It’s more than chilly out; the gyrating wind cuts to my bones.
But inside the indoor range of the Archery Program at Bull Run, the smiles are warm and I feel welcomed.
Marc is well-known here, one of the regulars now. I feel more legit because of that, but also a little like the tail feathers of a peacock.
I meet Kat, who kindly puts up with me taking pictures of her. She’s practicing ignoring distractions, she says with resigned eyeroll and a rueful grin. I take that as permission to be as annoying as I want, and proceed to get right up behind her draw arm with my iPhone.
She shoots. She hits the gold. Apparently her focus improvement program is working.
Ruth Rowe, Olympic archer and head of the Archery Program at Bull Run, is a Presence in the room. She is In Charge, and totally aware of everything going on with every student there. She is — awesome. I’ll write more about her later.
The long, sparkling range is well lit, and quiet except for the “thwacks” of arrow on bale and the muffled murmurings of the four archers and Ruth. It’s not melodramatically quiet, the way golf is. I get the sense of a real, constantly operative mutual respect, a characteristic interwoven through the tapestry of archery everywhere.
In an ever-ruder world, I find inspiration in that.
There are comfy sofas in the back of the room, old but serviceable, probably donated, I think. A round meeting table with four folding chairs. The back wall is lined with prep tables, ample room for several archers to assemble equipment simultaneously. This entire back area is carpeted, giving it the feel of a cosy den. From what little I’ve learned of Ruth Rowe, I suspect this is a calculated choice — a combination of tiny psychological cues to relax. Relaxing is key, both physically and mentally.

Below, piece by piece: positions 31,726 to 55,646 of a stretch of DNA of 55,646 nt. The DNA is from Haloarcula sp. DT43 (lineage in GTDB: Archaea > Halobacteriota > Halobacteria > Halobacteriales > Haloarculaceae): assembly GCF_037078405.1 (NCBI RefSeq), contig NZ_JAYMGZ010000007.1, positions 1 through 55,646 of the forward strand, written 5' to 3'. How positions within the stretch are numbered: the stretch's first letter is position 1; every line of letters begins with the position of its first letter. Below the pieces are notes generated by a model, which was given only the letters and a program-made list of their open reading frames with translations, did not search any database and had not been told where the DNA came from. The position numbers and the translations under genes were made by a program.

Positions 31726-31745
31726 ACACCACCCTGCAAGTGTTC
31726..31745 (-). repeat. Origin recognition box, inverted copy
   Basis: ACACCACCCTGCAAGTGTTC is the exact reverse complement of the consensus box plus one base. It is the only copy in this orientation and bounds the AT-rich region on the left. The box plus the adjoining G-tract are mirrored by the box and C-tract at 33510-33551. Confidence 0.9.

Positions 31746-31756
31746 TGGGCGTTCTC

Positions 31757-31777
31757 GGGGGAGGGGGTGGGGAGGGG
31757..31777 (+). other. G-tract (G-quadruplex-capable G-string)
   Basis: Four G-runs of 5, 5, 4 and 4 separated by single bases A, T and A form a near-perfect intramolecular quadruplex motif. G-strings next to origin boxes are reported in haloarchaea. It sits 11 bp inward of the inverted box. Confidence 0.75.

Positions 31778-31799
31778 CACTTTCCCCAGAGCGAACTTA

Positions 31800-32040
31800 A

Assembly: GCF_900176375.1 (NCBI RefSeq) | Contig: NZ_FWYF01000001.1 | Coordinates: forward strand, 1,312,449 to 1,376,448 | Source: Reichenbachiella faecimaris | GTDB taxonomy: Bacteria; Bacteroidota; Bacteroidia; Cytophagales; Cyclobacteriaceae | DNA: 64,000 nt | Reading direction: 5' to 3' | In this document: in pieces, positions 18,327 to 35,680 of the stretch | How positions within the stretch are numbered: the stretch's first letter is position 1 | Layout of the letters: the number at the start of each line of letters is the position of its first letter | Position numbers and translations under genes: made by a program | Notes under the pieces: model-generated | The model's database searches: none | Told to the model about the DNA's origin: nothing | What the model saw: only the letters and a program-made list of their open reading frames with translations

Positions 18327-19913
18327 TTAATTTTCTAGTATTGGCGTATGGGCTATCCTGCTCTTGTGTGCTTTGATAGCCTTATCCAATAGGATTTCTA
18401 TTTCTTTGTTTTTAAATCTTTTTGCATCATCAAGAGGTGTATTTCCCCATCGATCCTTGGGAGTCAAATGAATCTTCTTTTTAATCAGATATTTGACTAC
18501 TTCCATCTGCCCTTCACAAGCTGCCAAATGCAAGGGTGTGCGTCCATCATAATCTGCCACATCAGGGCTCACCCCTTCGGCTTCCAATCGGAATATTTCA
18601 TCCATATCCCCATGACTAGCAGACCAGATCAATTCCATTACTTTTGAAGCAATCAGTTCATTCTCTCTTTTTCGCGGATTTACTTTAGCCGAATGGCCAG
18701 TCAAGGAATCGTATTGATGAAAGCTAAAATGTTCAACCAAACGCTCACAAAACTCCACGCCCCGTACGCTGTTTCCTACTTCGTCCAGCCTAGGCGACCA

Around the walls are several mirrors, interspersed between brag boards. The mirrors are not glass, but a reflective elastic material. Students practice with tubing there, observing their draw form, releasing their giant rubber bands without fear of damage to bow or mirror. It’s clever and clearly central to what is taught here. The brag boards are packed with pictures and scoresheets, anything that celebrates the successes, large and small, of Ruth’s archers. It feels like home.
My favorite brag board is the Spider Shooters, Ruth’s JOAD group. Killer logo, tons of kid pics with their stats, welcoming announcements for the new members. Stories of what some earlier students have gone on to do. Ruth is deeply and personally proud of each and every one of these kids. I want to think every JOAD coach is like that. It can’t pay much, so it has to be, to a large extent, a labor of love.
Watching Ruth work with her students is a delight. (Again, more about that another day.) Everyone is pleasant, even eager to share their experiences with me. They love it here.
Taking my pictures, trying to get artistic by shooting through the holes of Marc’s riser, I take my own emotional temperature. I love it here too. I want to come back, and I want to learn how to shoot a whole lot better than I do. It’s nearly an hour drive from my house to get here, but Kat drove more like 2 1/2 hours to get here today, and she does that every single week. There’s other places closer to her, but the Archery Program at Bull Run has something special.
We head back out into the frigid, grey day… but I know I’ll be back.
Even if it’s cold out.